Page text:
Russell Page is widely regarded as one of the 20th century’s greatest garden designers. So much so, that there’s new exhibition dedicated to him at the London Garden Museum – The Education of a Gardener: The Life and Work of Russell Page. But just across The Pond, why is the only surviving Russell Page garden in NYC going to be destroyed by its owner, the Frick Collection?
Russell Page designed the garden which sits alongside the Frick Collection museum on 70th Street on Manhattan’s East Side in 1977. It’s not publicly accessible, but provides a beautiful outlook from several rooms within the Frick and through the ornate gate and fence railings on 70th Street.
A central rectangular pond is flanked by lawn, shrubs and large trees, their rich green a perfect foil for the pale grey stone of the building as the pond creates an illusion of depth. One landscape architect has likened it to:
‘viewing a masterwork of landscape painting’.
Page himself described the tiny garden, created during his last working years before his death in 1985:
“If, as a garden designer, I were asked what I was aiming for in this small garden, I would answer ‘tranquility,’ because that is what I feel inside the Frick Collection, and that is the quality shown by the greatest gardens I have known.”
The Frick collection has dismissed the importance of the garden as being too small to warrant preservation. All reference to Russell Page as its designer has been removed from the Frick website and the garden is simply described in an article about the Masterplan as ‘the garden on East 70th Street‘ and its historical context as: ‘To fill the unused lots adjacent to the pavilion, a small garden was created, which has never been accessible to the public‘.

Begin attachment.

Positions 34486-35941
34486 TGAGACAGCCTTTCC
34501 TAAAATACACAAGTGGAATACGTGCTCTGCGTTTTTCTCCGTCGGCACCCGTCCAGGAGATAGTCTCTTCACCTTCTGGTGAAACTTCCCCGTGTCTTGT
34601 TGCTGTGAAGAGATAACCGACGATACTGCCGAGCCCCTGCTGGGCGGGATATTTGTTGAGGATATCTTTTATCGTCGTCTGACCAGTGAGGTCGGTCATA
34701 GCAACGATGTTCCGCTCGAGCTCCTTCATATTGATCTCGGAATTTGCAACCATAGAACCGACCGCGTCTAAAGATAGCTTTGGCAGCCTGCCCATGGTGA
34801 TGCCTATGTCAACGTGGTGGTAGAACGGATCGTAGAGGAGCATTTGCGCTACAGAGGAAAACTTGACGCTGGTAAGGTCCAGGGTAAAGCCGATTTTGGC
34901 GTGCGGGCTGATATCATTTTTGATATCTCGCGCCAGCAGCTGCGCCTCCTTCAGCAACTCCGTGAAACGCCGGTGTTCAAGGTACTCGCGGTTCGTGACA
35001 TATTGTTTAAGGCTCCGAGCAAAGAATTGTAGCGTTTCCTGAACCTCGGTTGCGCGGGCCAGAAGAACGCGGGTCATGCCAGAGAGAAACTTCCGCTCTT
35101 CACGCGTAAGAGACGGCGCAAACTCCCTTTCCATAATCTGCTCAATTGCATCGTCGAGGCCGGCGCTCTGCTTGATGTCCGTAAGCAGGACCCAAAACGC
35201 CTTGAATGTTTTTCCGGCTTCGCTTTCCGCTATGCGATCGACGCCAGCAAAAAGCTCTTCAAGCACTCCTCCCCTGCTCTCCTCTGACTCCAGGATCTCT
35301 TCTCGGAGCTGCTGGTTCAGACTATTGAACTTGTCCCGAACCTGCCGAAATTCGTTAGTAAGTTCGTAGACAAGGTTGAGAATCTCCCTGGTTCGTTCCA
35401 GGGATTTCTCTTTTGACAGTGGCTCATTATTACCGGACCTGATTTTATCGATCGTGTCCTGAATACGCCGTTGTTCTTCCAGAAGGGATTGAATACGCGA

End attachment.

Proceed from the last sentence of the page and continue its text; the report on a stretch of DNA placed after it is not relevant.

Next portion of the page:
The Frick’s new Masterplan shows a large building will occupy the site, housing a new reception hall, auditorium, bigger cafe and gift shop plus administration offices. This will free up space in the original early 20th century building, enabling the currently off-limits 2nd floor, with its historic living quarters, to be open to the public for the first time.
But architects, landscape architects, garden designers, historians, and gardeners all over the world are rallying to try and save this small garden at the Frick as a unique, tiny, but valuable gem in our understanding of Page’s work.
Unite to Save the Frick – plus a petition you can sign
and an interesting perspective at the Huffington Post